Social Equity

Bashkirova and partners presents a new study, where we focus on what Russian people’s vision of the social equity principle is. What a model of social differentiation to our respondents’ mind presently exists in Russia, and which model do they aspire for? We are going to answer these questions based on the resulting data we have received in time of the all-Russia representative survey we finished at the beginning of October 2015.


We suggested the three models of social differentiation to our respondents: model «А» looked like a triangle illustrating a society in which most of the people are poor, with small-numbered “middle class” and elite accumulating the greatest share of the national resources in their hands.  Model B was showing an upside triangle representing a society where a “middle class” made the majority of population and there was a very small part of the poor, the model totally lacking any super well off elite. Model C is a diamond, symbolizing society with “middle class” as the best part of the population with some number of the poor and small-numbered superrich elite.

Model B could be associated with society based on socialist principles, while Model C can be rather defined as one with the liberal and free market economy as the basis, however with program of “welfare state” implemented.  During the survey, the mentioned associations have not been suggested to respondents in order to avoid any determination of their responses through their sympathy towards some or the other political ideology.


The absolute majority of our interviewees believe the Russian society has the best correspondence with Model A. According to the data of the Federal State Statistics Committee, Russia certainly belongs to communities, close to this model. Thus, Gini Index was equal to 42 in 2014 (25 in Sweden in 2013; 27 in Belarus in 2011, 34 in Greece in 2013,  45 in the USA in 2007, 50 in Zimbabwe in 2006, 62 in SAR in 2013).  In the year of 2014 46% of the Russian population were having monthly income under 20 000 rubles (only 8% had income above 60 000 rubles). 20% of the most wealthy Russians used to have 47,6% of the total volume of monetary revenue in 2012 (20% of the least wealthy - 5,2% of the cash income). The relation between 10% of the most and 10% of the least wealthy population in terms of cash incomes was equal to 16 in 2014.

It’s noteworthy that the social differentiation level in Russia is perceived differently in the country various regions and in respondents with different income level.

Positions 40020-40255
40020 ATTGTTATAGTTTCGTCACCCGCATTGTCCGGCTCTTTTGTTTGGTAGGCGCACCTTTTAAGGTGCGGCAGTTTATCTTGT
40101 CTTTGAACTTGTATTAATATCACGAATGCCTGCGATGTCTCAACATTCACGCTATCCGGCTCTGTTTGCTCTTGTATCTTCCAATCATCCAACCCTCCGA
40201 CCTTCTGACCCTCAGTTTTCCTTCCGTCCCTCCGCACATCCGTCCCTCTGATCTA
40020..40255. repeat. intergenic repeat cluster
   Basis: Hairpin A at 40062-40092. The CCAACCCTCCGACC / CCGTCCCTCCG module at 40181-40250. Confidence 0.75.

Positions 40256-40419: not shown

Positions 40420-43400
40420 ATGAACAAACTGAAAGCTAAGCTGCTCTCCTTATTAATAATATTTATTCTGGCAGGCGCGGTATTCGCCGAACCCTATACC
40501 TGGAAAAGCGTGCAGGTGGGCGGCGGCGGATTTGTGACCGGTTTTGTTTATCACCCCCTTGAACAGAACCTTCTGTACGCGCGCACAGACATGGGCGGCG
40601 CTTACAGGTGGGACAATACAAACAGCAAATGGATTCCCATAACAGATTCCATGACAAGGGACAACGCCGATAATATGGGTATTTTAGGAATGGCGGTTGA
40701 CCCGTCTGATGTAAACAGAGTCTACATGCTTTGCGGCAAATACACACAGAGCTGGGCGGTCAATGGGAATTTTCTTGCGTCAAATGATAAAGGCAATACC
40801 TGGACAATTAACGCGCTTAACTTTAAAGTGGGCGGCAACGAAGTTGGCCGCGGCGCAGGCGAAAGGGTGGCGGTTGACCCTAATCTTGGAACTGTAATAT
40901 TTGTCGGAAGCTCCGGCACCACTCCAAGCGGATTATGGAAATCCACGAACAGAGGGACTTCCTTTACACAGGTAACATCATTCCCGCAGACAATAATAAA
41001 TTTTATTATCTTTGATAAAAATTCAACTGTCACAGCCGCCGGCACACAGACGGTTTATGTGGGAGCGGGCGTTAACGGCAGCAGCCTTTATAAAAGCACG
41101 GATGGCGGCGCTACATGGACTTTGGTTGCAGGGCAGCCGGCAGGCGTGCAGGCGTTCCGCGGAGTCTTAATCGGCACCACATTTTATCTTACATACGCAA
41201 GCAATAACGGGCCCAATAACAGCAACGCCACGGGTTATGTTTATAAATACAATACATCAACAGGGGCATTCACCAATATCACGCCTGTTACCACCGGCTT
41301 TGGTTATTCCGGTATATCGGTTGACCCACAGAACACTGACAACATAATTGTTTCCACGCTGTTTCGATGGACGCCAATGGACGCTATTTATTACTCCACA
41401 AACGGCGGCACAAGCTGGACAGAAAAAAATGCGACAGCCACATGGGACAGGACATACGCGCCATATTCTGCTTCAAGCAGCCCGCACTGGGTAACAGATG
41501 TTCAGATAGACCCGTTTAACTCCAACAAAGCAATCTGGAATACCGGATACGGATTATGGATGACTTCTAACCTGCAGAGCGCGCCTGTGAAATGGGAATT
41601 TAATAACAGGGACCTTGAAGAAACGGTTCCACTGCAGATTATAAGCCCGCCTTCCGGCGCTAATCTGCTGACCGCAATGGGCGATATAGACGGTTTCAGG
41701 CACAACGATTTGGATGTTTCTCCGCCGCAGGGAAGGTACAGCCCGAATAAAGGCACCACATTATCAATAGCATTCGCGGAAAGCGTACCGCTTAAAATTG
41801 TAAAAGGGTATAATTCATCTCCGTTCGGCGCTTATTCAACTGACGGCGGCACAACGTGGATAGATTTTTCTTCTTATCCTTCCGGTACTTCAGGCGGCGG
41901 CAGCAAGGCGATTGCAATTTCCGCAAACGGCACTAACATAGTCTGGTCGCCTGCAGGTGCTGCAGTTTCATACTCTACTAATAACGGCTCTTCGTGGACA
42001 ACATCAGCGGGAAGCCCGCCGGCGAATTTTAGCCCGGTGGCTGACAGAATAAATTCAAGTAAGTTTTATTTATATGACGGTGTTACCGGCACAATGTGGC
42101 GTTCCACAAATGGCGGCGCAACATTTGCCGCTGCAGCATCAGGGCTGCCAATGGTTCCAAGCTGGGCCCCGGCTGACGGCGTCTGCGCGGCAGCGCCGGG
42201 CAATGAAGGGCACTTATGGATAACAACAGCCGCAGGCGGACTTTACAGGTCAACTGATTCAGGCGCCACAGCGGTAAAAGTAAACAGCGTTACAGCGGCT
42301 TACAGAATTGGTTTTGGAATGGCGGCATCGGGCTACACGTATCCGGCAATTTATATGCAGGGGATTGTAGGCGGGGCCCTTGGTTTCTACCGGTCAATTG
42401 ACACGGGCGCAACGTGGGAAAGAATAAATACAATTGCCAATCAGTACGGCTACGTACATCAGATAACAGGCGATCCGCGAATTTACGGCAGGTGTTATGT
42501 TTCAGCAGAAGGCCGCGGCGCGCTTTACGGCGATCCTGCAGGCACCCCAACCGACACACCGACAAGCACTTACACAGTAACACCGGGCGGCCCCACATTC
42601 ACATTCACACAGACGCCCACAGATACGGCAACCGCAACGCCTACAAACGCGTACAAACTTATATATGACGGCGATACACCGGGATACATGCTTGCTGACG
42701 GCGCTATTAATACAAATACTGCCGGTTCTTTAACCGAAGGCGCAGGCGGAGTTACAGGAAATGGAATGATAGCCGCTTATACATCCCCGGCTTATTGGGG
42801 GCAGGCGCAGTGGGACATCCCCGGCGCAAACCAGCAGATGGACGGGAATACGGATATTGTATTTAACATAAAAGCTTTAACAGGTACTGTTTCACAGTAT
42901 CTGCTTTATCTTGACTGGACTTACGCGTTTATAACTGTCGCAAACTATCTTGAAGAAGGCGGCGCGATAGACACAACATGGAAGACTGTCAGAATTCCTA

Only 2% of residents of the North-Caucasus federal District agree that Model C society has been shaped in the Russian Federation. This figure makes 30% amongst people of the South Federal district, 18% - in the Far East, 10% in Siberia and between 3% and 6% in the European portion of Russia

High income level Russians estimate the social differentiation level in Russia more positively. So respondents with income level above 30 000 rubles twice more often vs. less successful co-citizens, select Model C as answer option. This aspect can explain such response breakdown by age, and partially by geography (in respondents above 50 Model C answer option was selected by 5%, and by 10% in younger respondent categories). 


Only each tenth Russian considers the above described social structure ideal. 45% prefer C Model option (Diamond) and nearly the same percentage selects «B» (upside triangle).  Egalitarian and collectivist ideals have always been akin to the Russian culture. Popularity of these answers does not depend much on a respondent’s age or income level. The greatest popularity of the egalitarian model (respectively Option B) is found in the Southern and Privolzhsky federal districts, and the least in Siberia and North Caucasus. Moreover Model A   was selected by 20% of respondents in the Siberian federal district, and additional explorations will be required to explain this.


This study was conducted in early October 2015 based on all-Russia random route sample in adults (18+) by means of face-to-face interviews in place of residence. Altogether 1500 respondents in 8 federal districts, 150 settlements, 200 sample points have been interviewed. The sample error made ± 2,5% by C.I. of 95%.  




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